RCMP: 70 per cent of murdered indigenous women killed by indigenous men
April 10 2015
Re-printed without permission
RCMP Commissioner Bob Paulson confirms that 70 per cent of the solved murders of indigenous women were committed by indigenous men. That statistic was cited by Aboriginal Affairs Minister Bernard Valcourt at a meeting with Prairie chiefs in March, and it was backed by Commissioner Paulson in a letter this week to Treaty 6 Grand Chief Bernice Martial.
Billy Joe Laboucan was at the meeting with Minister Valcourt. Laboucan is the Chief of the Lubicon Lake Band in northwestern Alberta.
"All the things that are happening now are only a symptom of what's happening in our communities. You go the reserves. We're underfunded, there's so many social problems. So that's why I wasn't all that surprised when I hear these numbers," says Laboucan.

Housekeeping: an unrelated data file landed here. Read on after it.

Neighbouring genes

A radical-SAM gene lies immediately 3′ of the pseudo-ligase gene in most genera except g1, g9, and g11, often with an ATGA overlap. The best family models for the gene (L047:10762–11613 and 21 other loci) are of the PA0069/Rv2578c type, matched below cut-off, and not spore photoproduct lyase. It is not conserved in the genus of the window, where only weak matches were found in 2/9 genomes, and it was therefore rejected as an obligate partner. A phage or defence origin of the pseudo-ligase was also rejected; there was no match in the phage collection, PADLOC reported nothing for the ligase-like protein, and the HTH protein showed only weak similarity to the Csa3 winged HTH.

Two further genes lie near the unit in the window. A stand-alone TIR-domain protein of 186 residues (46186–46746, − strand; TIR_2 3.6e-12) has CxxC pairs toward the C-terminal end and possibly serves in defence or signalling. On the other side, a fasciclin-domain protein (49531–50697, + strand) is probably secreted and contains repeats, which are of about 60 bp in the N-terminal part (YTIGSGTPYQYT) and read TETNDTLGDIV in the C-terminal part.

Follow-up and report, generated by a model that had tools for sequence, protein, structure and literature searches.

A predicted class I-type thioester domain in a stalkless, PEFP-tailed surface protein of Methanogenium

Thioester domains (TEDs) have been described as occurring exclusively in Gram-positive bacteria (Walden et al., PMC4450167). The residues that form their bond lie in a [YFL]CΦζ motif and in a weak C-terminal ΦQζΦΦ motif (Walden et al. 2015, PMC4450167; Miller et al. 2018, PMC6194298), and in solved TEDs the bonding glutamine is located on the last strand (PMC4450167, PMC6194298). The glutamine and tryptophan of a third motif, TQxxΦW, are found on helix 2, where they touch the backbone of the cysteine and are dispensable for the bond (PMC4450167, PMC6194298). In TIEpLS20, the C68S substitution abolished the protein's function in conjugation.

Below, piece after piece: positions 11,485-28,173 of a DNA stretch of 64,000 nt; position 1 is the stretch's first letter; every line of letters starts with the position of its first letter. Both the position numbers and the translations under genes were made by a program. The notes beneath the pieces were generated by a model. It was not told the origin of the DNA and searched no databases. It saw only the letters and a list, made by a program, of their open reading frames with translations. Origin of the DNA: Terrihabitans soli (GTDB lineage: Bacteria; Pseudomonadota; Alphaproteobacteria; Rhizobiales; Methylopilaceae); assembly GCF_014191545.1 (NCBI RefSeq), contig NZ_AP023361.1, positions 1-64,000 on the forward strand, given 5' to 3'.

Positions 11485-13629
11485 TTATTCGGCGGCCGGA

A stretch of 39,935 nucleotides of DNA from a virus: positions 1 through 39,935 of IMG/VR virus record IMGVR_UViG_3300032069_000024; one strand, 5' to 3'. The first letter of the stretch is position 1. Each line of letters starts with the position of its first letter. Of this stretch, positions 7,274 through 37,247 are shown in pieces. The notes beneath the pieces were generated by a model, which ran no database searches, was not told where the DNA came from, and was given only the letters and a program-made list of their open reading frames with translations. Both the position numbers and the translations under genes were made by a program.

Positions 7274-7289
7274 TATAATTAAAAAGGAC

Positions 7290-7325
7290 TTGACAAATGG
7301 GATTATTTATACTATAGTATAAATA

Laboucan's daughter, Bella Laboucan-McLean, died falling from a Toronto balcony in 2013 and her death remains unsolved.
"She had everything going for her. She certainly didn't fall into that category of being involved in a high-risk lifestyle that all of these women are painted into. And I feel that's so wrong, you know, to be able to profile aboriginal women and girls as if they're all prostitutes. I really resent that."
Laboucan-McLean graduated from Humber College and was about to leave to go to fashion school in London, England when she died. She had her passport and she had future plans, leaving her family convinced her death was not a suicide.
There has been an ongoing police investigation, but no one has been charged with her death. "If it had been a non-aboriginal woman that was killed, I'm sure all the forces would have been out there solving that murder," says her father.
Laboucan says we need to look at the root causes behind why 7 in 10 murdered aboriginal women are murdered by aboriginal men. But he also says we must not forget the other 30 per cent.